Wondering what that thing is?

Sunday, October 24, 2010 at 10:45pm

The cleanup effort following May’s cataclysmic flood isn’t confined to Pennington Bend, Bordeaux, Bellevue and other afflicted neighborhoods.

It’s also happening below the surface.

Next to Nashville’s honky-tonks and saloons on Lower Broadway sits a curious piece of bright-red machinery, equipped with knobs, cranks and gadgets, and winding tubes flowing into nearby manholes. Encircled by green fencing, the beast has generated a fair share of looks from the downtown community.

Meet “The Sewer Hog.”

The hog, a product of Pearland, Texas-based Brenford Environmental Systems, is known as the “world’s largest jetter” for cleaning large-diameter pipes. In this case, the hog’s job is to filter out all the debris that entered the deep tunnels of Metro’s sewer system after the record rainfall that began May 1.

“We’re there to get your sewers back and operational as fast and as quickly as we can, so the sewers can work properly as designed,” said Pete Miller of Brenford. “With all the mud that went down there, you might have some backflow problems, manholes popping off, sewage coming up to the streets. It could happen, but with us cleaning that, we’re going to increase capacities and increase flows in the city’s sewer systems.”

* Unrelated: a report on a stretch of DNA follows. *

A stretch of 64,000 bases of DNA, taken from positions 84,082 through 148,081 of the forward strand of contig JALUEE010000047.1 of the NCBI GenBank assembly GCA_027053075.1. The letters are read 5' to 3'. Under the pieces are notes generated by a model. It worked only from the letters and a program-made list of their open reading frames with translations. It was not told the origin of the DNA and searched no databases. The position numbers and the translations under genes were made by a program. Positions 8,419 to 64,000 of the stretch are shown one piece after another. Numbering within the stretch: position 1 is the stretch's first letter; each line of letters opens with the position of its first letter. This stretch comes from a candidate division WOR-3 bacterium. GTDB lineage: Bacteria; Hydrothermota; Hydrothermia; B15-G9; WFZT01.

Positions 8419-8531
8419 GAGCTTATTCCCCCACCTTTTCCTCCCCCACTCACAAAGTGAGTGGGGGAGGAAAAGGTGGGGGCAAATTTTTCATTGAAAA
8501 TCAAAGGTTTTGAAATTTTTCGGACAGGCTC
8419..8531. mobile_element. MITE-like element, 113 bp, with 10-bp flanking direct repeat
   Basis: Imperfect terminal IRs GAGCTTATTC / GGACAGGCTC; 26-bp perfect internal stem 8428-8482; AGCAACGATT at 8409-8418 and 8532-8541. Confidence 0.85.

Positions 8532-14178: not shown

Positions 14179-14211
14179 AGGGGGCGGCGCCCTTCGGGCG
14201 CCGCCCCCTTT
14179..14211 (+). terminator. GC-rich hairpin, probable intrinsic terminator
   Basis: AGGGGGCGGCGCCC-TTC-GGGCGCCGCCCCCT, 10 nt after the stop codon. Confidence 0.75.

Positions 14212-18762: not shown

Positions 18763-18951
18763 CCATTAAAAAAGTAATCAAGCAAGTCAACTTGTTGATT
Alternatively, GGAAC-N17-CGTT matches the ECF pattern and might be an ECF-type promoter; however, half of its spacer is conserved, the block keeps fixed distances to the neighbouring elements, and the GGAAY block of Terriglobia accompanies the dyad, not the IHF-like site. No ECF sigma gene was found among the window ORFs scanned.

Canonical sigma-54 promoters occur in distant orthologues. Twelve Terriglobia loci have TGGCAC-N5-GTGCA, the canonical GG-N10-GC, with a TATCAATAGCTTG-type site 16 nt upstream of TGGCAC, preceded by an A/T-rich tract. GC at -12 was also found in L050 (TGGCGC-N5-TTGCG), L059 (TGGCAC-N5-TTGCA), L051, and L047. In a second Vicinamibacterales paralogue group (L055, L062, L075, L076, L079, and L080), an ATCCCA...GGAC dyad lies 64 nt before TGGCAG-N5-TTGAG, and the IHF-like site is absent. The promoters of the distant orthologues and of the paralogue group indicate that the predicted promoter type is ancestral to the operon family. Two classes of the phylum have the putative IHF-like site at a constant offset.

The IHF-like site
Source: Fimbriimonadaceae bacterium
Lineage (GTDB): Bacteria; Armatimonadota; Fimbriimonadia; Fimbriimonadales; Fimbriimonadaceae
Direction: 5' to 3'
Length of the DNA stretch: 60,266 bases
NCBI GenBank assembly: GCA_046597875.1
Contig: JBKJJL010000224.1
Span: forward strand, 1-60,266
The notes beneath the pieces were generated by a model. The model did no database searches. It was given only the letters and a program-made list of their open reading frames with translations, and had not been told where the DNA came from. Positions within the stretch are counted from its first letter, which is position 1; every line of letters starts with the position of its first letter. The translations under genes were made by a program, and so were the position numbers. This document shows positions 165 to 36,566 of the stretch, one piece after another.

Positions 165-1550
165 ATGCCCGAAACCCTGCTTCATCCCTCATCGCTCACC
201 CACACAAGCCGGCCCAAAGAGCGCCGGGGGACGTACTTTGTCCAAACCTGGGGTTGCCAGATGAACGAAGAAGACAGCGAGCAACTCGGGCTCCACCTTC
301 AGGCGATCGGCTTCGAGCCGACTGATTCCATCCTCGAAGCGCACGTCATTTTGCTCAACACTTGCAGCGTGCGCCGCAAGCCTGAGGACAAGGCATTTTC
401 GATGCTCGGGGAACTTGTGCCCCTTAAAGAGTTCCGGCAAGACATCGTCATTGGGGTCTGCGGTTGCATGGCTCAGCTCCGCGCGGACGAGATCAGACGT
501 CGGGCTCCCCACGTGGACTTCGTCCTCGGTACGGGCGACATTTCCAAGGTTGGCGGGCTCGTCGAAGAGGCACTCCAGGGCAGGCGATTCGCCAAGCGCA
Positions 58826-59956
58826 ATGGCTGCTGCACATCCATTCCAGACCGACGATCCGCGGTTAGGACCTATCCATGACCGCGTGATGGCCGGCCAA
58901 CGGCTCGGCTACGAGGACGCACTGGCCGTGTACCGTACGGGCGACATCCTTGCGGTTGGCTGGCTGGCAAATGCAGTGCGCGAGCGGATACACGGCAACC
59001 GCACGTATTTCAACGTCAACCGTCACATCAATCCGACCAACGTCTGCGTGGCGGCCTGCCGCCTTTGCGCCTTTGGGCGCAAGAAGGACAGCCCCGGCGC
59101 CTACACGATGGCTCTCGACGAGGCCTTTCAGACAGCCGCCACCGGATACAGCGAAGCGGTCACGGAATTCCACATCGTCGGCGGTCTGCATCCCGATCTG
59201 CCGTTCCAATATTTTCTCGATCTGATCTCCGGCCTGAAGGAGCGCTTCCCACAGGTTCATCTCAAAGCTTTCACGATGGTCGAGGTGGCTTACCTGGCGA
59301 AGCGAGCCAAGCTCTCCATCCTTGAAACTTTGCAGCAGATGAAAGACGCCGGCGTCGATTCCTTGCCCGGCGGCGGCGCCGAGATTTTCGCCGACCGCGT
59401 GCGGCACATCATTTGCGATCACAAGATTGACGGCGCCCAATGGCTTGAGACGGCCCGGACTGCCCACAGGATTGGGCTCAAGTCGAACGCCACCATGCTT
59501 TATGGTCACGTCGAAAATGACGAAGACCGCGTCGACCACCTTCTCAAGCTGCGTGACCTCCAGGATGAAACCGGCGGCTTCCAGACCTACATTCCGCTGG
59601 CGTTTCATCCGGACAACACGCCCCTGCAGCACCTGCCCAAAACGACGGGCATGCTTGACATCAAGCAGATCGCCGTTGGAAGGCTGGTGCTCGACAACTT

“The Sewer Hog” extends a thick hose to a specific location underground, utilizing a high-pressure jetter to push debris to down-hole pumps. The pumps move the material to what’s known as a “Grit Gator,” which works as a filter to separate sand, grit and gravel from water. The water then goes back into the sewer line.

Contracted via Metro Water Services, Brenford currently has three hogs stationed around downtown, with a fourth on the way. Miller said his company could remain in Nashville for one to two years to cover the entire county.

“You’re going to start seeing more of them downtown,” Miller said. “Basically, we’re cleaning the interceptor that runs from downtown all the way to the central wastewater treatment plant.”

So far, according to water department spokeswoman Sonia Harvat, more than 500 tons of debris has been removed from the sewers.

Filed under: City News

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